Summary

Custom-built dialogs are common in web-based applications, but many are not accessible. Most of them are not announced to assistive technologies, and so screen reader users are not made aware that a dialog has been launched. Many are also not focused when they are launched, and so keyboard-only users are still focused on elements in the background, and might have to navigate through the content in order to reach the dialog.

The WAI-ARIA specification defines roles and attributes that help ensure dialogs are announced correctly to assistive technology users, and provides guidance on ensuring they are keyboard accessible.

Author: Gez Lemon

WAI-ARIA Dialogs

WAI-ARIA provides the dialog and alertdialog roles to define dialogs. The dialog role is used when the user is expected to provide data, and the alertdialog role is used to announce the contents of a dialog to the user.

The container element for both dialog and alertdialog should use aria-labelledby to identify the element containing the accessible name for the dialog (usually, the heading). This is announced when the dialog first receives focus, along with the role of dialog so the user understands the context. The aria-label attribute may be used if there is no heading in the dialog, but all dialogs should contain a visible heading.

Using the alertdialog role

Authors should use the aria-describedby attribute to identify the message of an alertdialog. When the dialog is displayed, focus should be placed on an active element within the dialog, such as an OK button.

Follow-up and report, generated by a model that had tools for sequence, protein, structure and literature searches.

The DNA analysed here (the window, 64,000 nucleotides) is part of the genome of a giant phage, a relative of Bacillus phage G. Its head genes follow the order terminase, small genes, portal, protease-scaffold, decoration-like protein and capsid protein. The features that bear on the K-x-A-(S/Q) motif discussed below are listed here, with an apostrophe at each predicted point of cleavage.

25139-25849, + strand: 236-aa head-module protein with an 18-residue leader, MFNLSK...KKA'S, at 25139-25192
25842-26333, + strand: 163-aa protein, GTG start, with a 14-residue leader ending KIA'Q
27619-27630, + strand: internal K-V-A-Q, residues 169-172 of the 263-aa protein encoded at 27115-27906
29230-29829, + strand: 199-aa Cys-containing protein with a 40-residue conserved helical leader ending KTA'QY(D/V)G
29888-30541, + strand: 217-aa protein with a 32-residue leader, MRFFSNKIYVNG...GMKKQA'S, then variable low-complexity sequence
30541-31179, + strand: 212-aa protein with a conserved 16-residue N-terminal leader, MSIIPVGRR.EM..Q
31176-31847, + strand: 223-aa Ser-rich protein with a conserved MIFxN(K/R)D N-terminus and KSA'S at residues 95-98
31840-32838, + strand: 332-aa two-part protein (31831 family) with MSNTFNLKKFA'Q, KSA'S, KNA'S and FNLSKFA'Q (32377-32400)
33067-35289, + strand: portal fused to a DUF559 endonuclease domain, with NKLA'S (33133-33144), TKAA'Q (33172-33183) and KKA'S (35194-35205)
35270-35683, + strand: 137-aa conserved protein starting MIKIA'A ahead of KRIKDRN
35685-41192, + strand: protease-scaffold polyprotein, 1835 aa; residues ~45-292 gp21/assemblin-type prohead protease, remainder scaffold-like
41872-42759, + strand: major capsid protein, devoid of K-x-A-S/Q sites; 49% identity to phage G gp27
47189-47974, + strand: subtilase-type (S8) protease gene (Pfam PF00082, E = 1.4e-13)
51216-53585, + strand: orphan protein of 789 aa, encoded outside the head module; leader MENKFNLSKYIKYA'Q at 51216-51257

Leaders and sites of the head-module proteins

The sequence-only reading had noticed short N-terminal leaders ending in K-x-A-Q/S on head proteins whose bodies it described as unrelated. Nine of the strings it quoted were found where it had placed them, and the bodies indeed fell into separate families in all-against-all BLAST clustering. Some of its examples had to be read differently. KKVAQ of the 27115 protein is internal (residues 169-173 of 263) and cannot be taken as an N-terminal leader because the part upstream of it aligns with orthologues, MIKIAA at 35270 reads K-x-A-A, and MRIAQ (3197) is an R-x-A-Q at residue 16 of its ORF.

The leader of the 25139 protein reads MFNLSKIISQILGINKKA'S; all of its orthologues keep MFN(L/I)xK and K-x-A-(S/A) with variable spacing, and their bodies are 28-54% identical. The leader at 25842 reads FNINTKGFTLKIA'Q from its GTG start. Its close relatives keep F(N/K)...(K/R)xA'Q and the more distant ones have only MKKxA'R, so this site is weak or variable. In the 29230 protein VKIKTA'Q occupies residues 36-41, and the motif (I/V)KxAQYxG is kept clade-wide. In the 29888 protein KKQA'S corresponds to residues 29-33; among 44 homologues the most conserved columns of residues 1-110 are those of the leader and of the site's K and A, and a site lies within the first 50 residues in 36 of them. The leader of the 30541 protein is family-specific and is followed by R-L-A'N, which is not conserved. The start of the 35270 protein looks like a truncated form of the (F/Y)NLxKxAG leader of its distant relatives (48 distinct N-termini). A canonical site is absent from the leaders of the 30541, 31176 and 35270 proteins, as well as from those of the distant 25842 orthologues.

Consider a simple dialog with a list of instructions for shutting down a system.

Shutdown dialog
Instructions for shutdown

The container for the dialog should have a role of alertdialog, with the aria-labelledby attribute containing a value that matches the id attribute value for the heading, and the aria-describedby attribute containing a value that matches the id attribute value for the description.

Design pattern for an alertdialog
<div role="alertdialog"
     aria-labelledby="dlgtitle"
     aria-describedby="instructions">
  <h1 id="dlgtitle">Shutdown instructions</h1>
  <ol id="instructions">
    <li>Open timesheet</li>
    <li>Enter time for today</li>
    <li>Close all open applications</li>
    <li>Shut down system</li>
  </ol>
  <div>
    <input type="button" value="OK">
  </div>
</div>

Using the dialog role

When a role of dialog is used, some screen readers will automatically go in to application mode. This shouldn't be a problem, as the dialog role should be used for getting data from the user, and screen readers usually automatically go into forms mode when interacting with form controls. Consider a dialog for the user to signup to a newsletter. As with the alertdialog example, focus should be placed on an active element within the dialog; in this case, the "Email" edit box.

Dialog for user to signup to newsletter
Prompt for email address in a dialog

The container for the dialog should have a role of dialog, with the aria-labelledby attribute containing a value that matches the id attribute value for the heading.

Design pattern for a dialog
<div role="dialog" aria-labelledby="dlgtitle">
  <h1 id="dlgtitle">Sign up to Newsletter</h1>
  <div>
    <label for="email">Email: </label>
    <input type="text" id="email" name="email">
    <input type="button" value="Sign up">
  </div>
</div>

If we add instructions to the newsletter signup dialog, a screen reader user wouldn't be able to use their reading keys to read the instructions, as the dialog is displayed in application mode. For this reason, instructions and cues should be programmatically associated using the aria-describedby attribute.

The following example includes instructions, which are programmatically associated to the "Email" edit box using aria-describedby.